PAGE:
The Sixth Amendment guarantees a criminal defendant the right to self-representation if he chooses to represent himself. Faretta v. California, 422 U.S. 806, 819 (1975). We apply a two-part test to determine whether a defendant effectively waived his right to counsel. We first examine whether the defendant voluntarily waived his right to counsel, and then consider whether the defendant's waiver was made knowingly and intelligently. United States v. Taylor, 113 F.3d 1136, 1140 (10th Cir. 1997). Our review of the trial court's hearing on Mr. Carrillo's motion to appear pro se leaves no doubt that Mr. Carrillo voluntarily, knowingly, and intelligently waived his right to counsel.
A waiver is voluntary if the defendant is "not forced to make a 'choice' between incompetent counsel or appearing pro se." Id. However, where a defendant refuses without good cause to proceed with able appointed counsel the waiver is voluntary. Id. Thus, the question of voluntariness depends on whether the defendant's objections to present counsel are sufficient to entitle the defendant to new counsel. United States v. Padilla, 819 F.2d 952, 955 (10th Cir. 1987). "'To warrant a substitution of counsel, the defendant must show good cause, such as a conflict of interest, a complete breakdown of communication or an irreconcilable conflict which leads to an apparently unjust verdict.'" Id. (quoting McKee v. Harris, 649 F.2d 927, 931 (2d Cir. 1981).
Mr. Carrillo contends that his waiver was involuntary because appointed counsel was not prepared for trial. At the hearing on Mr. Carrillo's motion to appear pro se, the trial court engaged in the following exchange with Mr. Carrillo:
THE COURT: . . . [Y]ou have indicated your intent or your request to represent yourself in this case. Is that a correct statement?
MR. CARRILLO: Yes, sir.
THE COURT: First tell me . . . does this request arise out of any feeling that your counsel is not properly representing you? It doesn't appear to.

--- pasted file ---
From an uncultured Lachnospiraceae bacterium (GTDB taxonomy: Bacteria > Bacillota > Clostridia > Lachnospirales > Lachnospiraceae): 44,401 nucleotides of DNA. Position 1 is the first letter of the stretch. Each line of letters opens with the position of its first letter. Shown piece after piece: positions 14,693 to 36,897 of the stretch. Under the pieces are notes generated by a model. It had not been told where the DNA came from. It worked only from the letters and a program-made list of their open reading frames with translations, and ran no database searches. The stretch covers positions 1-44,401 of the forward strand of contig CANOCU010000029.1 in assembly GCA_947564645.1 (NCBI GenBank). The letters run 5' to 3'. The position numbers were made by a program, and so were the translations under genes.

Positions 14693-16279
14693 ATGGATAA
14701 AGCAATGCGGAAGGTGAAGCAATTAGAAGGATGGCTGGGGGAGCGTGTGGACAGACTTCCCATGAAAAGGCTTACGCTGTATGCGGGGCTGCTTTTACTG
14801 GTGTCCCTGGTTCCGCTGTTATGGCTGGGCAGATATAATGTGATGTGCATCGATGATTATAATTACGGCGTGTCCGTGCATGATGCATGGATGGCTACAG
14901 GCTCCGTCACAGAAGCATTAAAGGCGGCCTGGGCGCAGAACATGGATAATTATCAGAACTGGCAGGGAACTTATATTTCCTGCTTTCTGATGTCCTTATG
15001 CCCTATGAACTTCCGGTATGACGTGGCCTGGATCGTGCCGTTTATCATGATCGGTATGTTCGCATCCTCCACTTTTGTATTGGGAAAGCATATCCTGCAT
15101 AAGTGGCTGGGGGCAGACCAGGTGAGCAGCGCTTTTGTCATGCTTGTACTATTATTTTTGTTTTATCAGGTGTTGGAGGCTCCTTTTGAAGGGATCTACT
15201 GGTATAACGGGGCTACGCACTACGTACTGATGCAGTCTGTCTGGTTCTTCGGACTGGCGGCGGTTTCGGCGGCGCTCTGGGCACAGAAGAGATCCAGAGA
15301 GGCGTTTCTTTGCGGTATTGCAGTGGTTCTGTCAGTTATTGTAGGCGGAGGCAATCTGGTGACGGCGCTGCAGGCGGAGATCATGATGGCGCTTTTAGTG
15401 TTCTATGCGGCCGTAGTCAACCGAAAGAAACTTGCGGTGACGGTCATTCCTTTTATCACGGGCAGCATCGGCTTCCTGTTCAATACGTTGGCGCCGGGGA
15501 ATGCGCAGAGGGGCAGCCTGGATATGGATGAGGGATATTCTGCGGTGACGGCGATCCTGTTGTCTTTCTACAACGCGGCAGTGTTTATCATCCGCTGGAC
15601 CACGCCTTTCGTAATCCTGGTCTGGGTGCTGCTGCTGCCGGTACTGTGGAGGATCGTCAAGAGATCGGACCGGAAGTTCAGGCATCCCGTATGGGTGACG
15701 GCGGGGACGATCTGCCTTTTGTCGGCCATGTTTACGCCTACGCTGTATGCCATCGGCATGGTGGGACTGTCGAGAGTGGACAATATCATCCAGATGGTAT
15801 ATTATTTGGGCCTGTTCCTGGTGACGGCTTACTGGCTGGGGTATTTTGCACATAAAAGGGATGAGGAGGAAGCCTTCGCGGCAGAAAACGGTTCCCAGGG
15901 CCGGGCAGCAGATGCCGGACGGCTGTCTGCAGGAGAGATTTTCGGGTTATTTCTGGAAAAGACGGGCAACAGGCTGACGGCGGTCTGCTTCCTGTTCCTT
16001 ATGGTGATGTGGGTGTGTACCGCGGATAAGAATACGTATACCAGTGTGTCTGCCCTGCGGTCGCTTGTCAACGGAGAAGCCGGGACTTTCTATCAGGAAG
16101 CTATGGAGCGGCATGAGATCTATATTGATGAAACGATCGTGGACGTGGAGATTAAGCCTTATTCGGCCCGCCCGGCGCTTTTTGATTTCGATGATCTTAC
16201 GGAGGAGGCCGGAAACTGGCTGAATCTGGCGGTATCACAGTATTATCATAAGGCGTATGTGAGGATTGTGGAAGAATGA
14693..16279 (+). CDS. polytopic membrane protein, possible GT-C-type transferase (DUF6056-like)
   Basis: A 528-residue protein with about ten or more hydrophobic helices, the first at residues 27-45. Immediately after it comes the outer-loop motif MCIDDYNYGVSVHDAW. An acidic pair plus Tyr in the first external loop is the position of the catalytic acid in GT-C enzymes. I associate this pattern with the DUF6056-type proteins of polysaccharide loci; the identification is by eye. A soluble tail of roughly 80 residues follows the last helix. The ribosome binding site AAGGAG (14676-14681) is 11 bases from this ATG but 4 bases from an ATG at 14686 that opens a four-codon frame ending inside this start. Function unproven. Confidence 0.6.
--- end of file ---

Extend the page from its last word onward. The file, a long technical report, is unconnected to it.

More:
MR. CARRILLO: Well, he is doing a good job but he just barely came on board and stuff also. . . . I think it was in September when he first came on board and stuff like that. He is not ready. He doesn't know the whole case.
THE COURT: Well, he has not indicated any problem. We have actually appointed a second attorney to represent you.
MR. CARRILLO: Yes, sir. He is doing good.
Rep.'s Tr., Hr'g on Mot. to Appear Pro Se, Jan 17, 2001, at 15. At no time during the hearing did Mr. Carrillo express displeasure with his trial counsel. On the contrary, Mr. Carrillo stated that both of his lawyers were "doing a good job." Id. Indeed, Mr. Carrillo requested that defense counsel serve as his advisory counsel. The only complaint Mr. Carrillo voiced about trial counsel was that he did not think they were prepared. This concern apparently was not shared by counsel, who indicated no hesitation with proceeding to trial approximately five weeks from the hearing. Under these circumstances, Mr. Carrillo's concern about trial counsel's preparedness was not a sufficient basis for substitution of counsel, see Padilla, 819 F.2d at 955, and therefore such concern does not render his waiver involuntary.
We turn next to whether Mr. Carrillo knowingly and intelligently waived his right to counsel. Liberally construing his pro se brief, Mr. Carrillo appears to claim that the trial court's denial of his request for a continuance and his deprivation of access to legal materials rendered his waiver ineffective. The district court evaluated those claims separately and dismissed them as procedurally barred. Aside from claiming that the district court should have considered the claims part of his ineffective waiver of counsel claim, Mr. Carrillo has not contested the district court's finding that these claims are procedurally barred and we find no reason to disturb the district court's conclusion. Nonetheless, although these issues are procedurally barred if brought as stand-alone claims, we will consider them as part of Mr. Carrillo's claim that he did not knowingly and intelligently waive the right to counsel.